Idiosophy

A physicist loose among the liberal arts

Some Networks are Simple

In which the Idiosopher gets to do Inklings stuff on the clock.

logo of the winter simulation conferenceLast summer, the blog started following Sørina Higgins’s suggestion about network analysis to see how interactions between the Inklings in real life turned into stylistic evolution in their literary styles. I haven’t mentioned it since, due to a lack of discoveries that are interesting (even to me).

This week was the 2017 Winter Simulation Conference, a world-wide hootenanny of computer-simulation experts. With all my responsibilities discharged, I got to spend the last half-day attending talks on anything that sounded interesting.  Here’s a good one from Wai Kin (Victor) Chan of Tsinghua University:

This paper studies social influence (i.e., adoption of belief) using agent-based simulation and regression models. Each agent is modeled by a linear regression model. Agents interact with neighbors by exchanging social beliefs. It is observed that if individual belief is linear in neighbors’ beliefs, system-level belief and aggregated neighbors’ beliefs can also be described by a linear regression model. Analysis is conducted on a simplified 2-node network to provide insight into the interactions and results of general models. Least squares estimates are developed. Explicit expressions are obtained to explain relationship between initial belief and current belief.

Social networks are complicated. People go in and out, they talk more or less, they form cliques, etc. If you want to measure things about them, you usually have to build a computer model with a clock and a bunch of “agents” in it. An agent is (in this case) a person with ideas (represented by a number), and as time advances, the agents pick up ideas from each other. Then you inspect the agents after a the simulation has been calculated and find out what ideas each agent has absorbed.

What Prof. Chan has discovered is that, as long as each person in a social network only picks up an idea from three others (which is comparable to the situation for the Inklings), all the complicated stuff drops out – the results of the full-powered simulation always look like a straight-line influence!  This paper is his attempt to prove that’s actually true.  If he’s right, then the spread of some ideas through a literary group will show a very simple pattern, and a literary scholar will be able to do lots of Digital Humanities research with just a spreadsheet. (Hi, Sparrow!)

An anecdote: another thing I did last summer was serve on a jury.  We had to decide on a prison sentence.  At the beginning, we went around the table and got everybody’s first impression. There was quite a bit of difference among us.  After four hours of discussion, which got pretty acrimonious at times, we agreed on a number that was within 5% of the average of everybody’s initial opinion.  That’s what a social-influence model would predict, if Prof. Chan is correct.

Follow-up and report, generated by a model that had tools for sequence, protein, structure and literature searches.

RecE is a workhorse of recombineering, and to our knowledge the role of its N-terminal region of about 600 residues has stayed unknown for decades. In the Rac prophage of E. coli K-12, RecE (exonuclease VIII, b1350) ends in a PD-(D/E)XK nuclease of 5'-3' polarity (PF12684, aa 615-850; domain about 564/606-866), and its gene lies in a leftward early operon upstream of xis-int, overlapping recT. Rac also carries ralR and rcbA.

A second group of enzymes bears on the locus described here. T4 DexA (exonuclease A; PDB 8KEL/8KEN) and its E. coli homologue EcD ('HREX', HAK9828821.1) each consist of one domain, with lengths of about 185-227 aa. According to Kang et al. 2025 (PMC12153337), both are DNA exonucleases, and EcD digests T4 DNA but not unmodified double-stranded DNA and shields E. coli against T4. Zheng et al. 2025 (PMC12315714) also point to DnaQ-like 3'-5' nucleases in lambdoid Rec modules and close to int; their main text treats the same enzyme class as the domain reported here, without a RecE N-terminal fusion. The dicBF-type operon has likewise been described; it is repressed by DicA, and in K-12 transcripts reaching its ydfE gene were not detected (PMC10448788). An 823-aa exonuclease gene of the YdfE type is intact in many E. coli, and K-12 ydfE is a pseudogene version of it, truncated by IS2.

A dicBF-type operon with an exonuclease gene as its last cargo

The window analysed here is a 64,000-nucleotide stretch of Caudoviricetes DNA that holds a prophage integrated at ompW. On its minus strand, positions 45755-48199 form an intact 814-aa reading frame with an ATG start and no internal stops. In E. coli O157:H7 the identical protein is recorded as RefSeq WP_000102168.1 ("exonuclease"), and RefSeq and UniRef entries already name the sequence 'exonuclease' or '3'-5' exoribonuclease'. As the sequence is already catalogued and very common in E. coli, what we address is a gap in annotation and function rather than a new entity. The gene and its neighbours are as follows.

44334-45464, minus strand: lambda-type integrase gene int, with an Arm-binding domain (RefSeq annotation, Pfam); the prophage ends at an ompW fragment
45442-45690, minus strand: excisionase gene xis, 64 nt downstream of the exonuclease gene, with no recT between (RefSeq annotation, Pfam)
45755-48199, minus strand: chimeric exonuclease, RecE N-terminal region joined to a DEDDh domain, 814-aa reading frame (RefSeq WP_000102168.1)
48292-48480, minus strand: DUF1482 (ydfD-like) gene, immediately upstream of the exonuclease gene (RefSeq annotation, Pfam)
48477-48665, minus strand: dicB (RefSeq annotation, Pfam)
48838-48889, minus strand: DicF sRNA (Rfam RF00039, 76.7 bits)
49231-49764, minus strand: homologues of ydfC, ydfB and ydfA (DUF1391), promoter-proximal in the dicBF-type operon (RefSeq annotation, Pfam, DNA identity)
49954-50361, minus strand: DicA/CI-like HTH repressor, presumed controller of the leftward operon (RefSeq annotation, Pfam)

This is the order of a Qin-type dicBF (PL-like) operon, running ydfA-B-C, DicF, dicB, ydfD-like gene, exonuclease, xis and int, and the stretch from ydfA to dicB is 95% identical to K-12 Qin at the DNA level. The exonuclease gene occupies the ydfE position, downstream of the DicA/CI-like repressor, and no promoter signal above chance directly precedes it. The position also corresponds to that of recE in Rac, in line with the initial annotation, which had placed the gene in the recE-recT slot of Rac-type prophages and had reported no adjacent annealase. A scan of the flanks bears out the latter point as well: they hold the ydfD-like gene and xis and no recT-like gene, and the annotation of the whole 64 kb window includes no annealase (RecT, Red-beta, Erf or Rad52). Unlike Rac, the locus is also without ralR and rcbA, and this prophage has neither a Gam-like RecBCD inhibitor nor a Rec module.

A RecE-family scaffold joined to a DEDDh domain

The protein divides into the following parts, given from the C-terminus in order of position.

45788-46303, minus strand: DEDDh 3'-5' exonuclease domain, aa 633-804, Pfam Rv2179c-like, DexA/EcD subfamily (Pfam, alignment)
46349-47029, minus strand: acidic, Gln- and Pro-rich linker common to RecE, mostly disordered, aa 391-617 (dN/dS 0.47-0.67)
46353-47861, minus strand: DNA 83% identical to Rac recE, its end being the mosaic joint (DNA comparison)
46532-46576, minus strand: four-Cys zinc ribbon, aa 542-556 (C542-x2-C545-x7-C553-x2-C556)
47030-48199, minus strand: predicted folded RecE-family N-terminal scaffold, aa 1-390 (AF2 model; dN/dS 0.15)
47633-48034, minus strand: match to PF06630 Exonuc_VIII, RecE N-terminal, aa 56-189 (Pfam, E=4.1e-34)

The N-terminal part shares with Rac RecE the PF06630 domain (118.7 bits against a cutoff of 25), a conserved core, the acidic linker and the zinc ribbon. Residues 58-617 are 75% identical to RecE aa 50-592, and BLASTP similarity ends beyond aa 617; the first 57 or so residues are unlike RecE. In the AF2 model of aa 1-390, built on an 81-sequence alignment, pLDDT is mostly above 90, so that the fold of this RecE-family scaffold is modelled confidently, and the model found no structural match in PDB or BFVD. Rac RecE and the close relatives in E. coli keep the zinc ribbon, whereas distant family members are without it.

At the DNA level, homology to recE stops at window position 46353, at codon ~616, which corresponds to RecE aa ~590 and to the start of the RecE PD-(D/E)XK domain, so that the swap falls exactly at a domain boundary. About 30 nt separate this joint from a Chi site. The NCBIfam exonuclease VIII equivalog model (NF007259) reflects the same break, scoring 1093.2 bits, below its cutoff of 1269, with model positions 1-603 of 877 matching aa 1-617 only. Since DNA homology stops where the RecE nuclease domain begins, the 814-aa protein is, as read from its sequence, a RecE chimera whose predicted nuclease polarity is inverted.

If the idea you’re studying can be cast as how strongly an opinion is held, on a scale from 0 to 1, then a linear regression is all you need to solve it.  That’s what I suggested Theosophy might look like, in the post from last July.  Division of territory, such as giving up Arthurian legends to one colleague, space travel to another, and focusing your own attention on time-travel, isn’t describable this way.

Prof. Chan started off his talk by saying the topic was just his own interest, not funded by any organization, and it wasn’t finished yet and he didn’t know what it meant, and the talk was still interesting.  My new scholarship goal is to be able to do that.

Irrelevant note: today is Idiosophy’s second bloggiversary.

 

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2 Comments

  1. Hugo Dyson, by his railing against Tolkien’s elves (i.e., ‘not another f***ing elf’), seems to have over time ‘clapped a stopper’ (as Jack Aubrey might have said) over Tolkien’s public readings, at least in the larger group. How do you measure this?

    Lewis claimed that Tolkien was as hard to influence as a bandersnatch, but a) this is just Lewis being clever, and b) Lewis was clearly able to influence bandersnatches. Which is not to say it was easy.

    The number of Inklings present at any given time varied greatly, and Barfield was there far less than others.

    This will all come down to an uncertainty principle in the end.

    Winter Simulations? If Winter were coming, it might look like this?

    • Joe

      Reconstructing the face-to-face meetings among the Inklings would be a formidable task. I’ve been thinking in terms of their published texts instead, because those are fixed. Besides, the published texts are the only reason we care about them.
      But now you’ve got me imagining the future: if some brilliant author comes out of Signum/Mythgard, future literati will have all the webinars and forum discussions in digital format. The sort of study you’re describing will be fairly straightforward. I’ve already heard Corey using in Mythgard Academy sessions things he heard at Moots. An AI will be able to do the complete job, and track the influences directly.

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